Mexico City, Mexico - Amid the recent fanfare surrounding big arrests in Mexico's drug war, those journalists still daring to shed light on the cartels and corrupt state officials keep on dying, and the killers, they just keep on getting away with it.
Alberto Lopez Bello was recently found shot dead in Trinidad de Viguera, a small town near the southern city of Oaxaca. The 28-year-old had worked the crime beat on the state-wide daily newspaper El Imparcial for the past six years. His beat up body was found alongside that of a young policeman, hours after the pair were seen drinking in a downtown bar. The killings took place as thousands of tourists descended on Oaxaca for the famed Guelaguetza cultural festival.
Lopez had written a series of stories about drug dealing in the city, where cartel-related violence is relatively low. In May , he and a colleague were arrested by local police after photographing a sign left on a bridge by a criminal group. He also reported on crime, in which police were sometimes implicated, for the local radio programme "Foro Político".
He is the third journalist to be killed in Mexico this year, and the 88th in the past decade, according to Reporters without Borders.
There were 151 attacks on the media in the first six months of 2013 under President Enrique Pena Nieto, according to freedom of expression advocacy group Article 19 - a 46 per cent increase over the same period last year during the Felipe Calderon administration. Article 19 staff say they received an anonymous threat in April.
State officials responsible for media attacks
Since 2009, there have been 47 attacks against the press in the state of Oaxaca. The main perpetrators are public servants … Of the five journalists killed in Oaxaca, none have been solved.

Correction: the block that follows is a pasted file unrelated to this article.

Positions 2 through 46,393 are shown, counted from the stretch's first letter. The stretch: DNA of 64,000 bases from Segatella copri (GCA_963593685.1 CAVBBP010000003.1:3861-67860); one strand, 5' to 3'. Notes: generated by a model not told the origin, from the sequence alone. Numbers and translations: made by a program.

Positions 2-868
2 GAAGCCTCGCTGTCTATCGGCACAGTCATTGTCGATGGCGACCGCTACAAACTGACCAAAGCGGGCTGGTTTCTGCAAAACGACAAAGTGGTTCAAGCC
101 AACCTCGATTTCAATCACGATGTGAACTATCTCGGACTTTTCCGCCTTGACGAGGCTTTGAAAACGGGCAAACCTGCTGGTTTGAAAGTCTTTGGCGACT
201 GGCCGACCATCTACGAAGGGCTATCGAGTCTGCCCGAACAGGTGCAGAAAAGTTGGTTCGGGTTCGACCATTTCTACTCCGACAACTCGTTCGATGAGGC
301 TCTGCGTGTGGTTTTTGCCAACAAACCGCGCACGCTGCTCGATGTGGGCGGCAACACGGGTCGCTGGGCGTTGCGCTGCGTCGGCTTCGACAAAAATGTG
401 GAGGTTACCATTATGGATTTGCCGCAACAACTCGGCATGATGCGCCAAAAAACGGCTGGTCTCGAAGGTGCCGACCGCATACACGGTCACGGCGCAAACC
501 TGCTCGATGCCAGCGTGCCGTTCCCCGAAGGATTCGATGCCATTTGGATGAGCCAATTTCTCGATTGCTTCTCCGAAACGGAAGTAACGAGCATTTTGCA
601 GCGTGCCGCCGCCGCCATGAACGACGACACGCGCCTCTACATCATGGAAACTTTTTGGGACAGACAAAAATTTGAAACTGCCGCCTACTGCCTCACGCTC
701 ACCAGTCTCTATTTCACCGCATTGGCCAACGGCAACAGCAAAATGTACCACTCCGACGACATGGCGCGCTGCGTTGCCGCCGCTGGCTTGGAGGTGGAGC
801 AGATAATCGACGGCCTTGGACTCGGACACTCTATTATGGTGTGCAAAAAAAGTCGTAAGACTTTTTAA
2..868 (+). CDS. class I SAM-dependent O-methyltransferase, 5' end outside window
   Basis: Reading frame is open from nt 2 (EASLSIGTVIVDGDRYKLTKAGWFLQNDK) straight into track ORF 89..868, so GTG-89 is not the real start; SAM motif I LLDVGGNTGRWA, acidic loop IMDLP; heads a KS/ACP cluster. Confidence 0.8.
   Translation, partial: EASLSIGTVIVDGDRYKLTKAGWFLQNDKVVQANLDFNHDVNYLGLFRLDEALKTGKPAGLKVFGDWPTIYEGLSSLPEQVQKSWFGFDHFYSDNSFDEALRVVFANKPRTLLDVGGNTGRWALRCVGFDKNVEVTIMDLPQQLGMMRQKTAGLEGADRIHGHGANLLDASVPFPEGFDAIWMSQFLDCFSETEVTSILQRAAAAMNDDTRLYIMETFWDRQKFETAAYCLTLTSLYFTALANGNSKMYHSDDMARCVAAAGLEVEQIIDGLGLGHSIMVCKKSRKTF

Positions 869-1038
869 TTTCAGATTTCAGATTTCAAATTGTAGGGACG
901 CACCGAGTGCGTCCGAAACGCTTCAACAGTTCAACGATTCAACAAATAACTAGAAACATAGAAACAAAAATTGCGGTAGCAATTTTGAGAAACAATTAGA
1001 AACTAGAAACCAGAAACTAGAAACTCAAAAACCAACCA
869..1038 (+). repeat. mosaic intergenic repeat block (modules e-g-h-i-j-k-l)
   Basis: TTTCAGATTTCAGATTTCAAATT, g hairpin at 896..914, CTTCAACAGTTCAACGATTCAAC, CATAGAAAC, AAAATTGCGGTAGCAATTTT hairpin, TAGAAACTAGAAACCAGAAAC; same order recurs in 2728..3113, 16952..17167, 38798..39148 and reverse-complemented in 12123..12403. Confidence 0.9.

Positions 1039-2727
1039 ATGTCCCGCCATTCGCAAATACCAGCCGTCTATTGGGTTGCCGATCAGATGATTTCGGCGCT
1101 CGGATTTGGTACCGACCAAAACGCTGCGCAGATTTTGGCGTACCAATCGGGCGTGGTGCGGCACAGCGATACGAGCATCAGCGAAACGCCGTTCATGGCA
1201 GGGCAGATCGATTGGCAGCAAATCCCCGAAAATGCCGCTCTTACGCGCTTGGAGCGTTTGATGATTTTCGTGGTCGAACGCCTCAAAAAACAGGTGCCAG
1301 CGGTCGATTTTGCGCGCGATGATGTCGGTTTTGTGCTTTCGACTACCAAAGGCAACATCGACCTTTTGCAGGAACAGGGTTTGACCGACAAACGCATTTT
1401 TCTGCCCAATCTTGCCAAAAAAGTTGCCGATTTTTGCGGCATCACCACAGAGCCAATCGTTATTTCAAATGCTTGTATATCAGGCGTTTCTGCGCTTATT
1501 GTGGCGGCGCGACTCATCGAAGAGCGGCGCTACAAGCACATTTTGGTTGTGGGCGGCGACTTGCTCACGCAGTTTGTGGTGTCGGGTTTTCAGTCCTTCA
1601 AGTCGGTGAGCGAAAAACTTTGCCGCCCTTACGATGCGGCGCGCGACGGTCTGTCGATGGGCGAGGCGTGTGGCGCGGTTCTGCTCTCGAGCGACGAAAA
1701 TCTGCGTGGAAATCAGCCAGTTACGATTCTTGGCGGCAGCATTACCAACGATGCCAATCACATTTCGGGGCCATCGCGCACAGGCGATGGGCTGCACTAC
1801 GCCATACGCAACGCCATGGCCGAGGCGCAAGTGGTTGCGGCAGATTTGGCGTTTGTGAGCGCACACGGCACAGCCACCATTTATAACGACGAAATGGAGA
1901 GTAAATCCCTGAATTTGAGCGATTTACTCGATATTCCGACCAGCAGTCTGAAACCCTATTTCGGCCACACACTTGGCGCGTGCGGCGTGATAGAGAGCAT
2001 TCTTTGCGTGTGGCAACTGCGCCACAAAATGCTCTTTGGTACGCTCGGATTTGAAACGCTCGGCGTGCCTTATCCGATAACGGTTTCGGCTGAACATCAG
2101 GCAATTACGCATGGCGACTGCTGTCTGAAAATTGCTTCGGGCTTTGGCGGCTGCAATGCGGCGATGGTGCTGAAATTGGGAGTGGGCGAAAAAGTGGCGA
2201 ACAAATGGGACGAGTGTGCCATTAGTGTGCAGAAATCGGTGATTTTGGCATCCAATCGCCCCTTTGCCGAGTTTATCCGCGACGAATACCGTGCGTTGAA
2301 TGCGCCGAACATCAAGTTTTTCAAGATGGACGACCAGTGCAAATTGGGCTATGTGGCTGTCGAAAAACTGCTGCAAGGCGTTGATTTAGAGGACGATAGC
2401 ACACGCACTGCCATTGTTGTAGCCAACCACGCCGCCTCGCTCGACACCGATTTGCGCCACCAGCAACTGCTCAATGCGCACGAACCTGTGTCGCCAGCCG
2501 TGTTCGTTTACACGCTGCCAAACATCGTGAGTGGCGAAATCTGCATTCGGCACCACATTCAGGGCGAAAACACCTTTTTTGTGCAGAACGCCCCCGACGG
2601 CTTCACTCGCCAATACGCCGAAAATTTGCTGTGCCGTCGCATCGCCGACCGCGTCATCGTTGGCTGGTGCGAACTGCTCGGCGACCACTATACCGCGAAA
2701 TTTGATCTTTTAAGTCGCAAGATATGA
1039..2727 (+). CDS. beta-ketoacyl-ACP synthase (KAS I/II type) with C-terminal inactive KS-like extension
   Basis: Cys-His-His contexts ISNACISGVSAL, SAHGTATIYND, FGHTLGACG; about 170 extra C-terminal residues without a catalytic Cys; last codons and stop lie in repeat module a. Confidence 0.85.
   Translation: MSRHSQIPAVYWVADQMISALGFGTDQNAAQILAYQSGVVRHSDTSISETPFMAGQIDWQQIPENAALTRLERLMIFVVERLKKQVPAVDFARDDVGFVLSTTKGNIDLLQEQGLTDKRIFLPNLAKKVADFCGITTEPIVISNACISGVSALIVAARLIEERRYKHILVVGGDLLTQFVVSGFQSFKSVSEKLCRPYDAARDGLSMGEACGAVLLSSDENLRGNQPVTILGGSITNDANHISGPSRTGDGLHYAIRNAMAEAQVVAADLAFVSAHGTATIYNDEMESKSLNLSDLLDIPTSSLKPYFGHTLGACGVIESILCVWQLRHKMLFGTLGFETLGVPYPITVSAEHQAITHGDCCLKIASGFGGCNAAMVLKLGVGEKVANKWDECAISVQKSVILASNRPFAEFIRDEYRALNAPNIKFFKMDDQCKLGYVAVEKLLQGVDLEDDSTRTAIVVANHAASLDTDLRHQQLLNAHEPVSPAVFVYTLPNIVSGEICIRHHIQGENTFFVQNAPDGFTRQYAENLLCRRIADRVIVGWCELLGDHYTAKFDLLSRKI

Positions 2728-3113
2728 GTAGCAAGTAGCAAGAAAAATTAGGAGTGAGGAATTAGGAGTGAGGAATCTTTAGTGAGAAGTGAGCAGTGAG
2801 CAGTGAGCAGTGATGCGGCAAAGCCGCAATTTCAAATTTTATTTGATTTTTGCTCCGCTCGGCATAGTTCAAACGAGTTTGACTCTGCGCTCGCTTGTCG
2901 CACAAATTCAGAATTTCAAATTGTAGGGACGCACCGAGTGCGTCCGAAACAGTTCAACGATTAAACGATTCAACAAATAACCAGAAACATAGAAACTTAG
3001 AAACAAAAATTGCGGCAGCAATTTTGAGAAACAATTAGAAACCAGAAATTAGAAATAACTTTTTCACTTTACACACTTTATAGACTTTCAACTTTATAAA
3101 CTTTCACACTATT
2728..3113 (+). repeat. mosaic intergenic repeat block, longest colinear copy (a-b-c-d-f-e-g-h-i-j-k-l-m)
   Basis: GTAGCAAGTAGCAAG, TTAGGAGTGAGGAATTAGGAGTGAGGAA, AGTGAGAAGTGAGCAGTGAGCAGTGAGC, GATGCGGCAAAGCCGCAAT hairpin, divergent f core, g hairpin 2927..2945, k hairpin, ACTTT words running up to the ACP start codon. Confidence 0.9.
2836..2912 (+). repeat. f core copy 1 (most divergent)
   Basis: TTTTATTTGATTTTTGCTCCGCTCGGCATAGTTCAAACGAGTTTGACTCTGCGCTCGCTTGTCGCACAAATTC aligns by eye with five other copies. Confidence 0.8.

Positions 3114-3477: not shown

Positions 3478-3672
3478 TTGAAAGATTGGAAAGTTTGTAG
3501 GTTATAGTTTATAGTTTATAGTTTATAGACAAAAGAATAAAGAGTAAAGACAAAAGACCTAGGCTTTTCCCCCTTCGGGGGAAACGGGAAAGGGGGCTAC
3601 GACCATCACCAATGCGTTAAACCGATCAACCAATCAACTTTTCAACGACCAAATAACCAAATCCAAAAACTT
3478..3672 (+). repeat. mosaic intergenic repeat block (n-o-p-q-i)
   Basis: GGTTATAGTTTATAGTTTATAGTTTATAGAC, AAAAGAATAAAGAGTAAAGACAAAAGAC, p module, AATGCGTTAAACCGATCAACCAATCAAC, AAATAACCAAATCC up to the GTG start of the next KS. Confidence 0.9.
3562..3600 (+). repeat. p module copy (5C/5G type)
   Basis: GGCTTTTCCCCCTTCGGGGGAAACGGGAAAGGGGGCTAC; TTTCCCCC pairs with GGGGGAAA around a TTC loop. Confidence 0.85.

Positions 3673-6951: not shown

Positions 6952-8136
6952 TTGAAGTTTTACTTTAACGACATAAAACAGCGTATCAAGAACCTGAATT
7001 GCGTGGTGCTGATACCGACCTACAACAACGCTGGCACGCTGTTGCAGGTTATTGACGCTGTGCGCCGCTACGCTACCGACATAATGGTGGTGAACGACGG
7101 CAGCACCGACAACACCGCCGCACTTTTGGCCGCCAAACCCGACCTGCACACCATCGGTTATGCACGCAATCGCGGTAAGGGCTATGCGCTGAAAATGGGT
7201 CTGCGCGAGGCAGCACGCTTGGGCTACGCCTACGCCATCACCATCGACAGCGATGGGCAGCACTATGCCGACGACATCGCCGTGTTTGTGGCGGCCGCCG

Mexico and Brazil are currently the most dangerous countries in the Western hemisphere for journalists, with almost guaranteed impunity for those responsible for murders, assaults and disappearances. The victims in both countries are predominantly local newspaper reporters, covering crime and corruption.
Authorities, as always, were quick to blame the drug cartels for the Oaxaca double-murder, but the facts suggest caution in believing this line.The cartels are known for leaving notes alongside bodies to ensure credit for their crimes. No such note was found.
In 2012, Article 19 found that state officials - police, army, navy - were directly implicated in around half of all attacks against journalists and media organisations in Mexico. This is three times the number of cases implicating organised crime, though the boundaries between the two groups can be blurred.
Omar Rabago Vital from Article 19 told Al Jazeera, “Since 2009, there have been 47 attacks against the press in the state of Oaxaca. The main perpetrators are public servants…of the five journalists killed in Oaxaca, none have been solved.”
For decades now, endemic corruption, insufficient resources and genuine fear have all been blamed for the systemic failure by state authorities across Mexico to properly investigate violent crimes.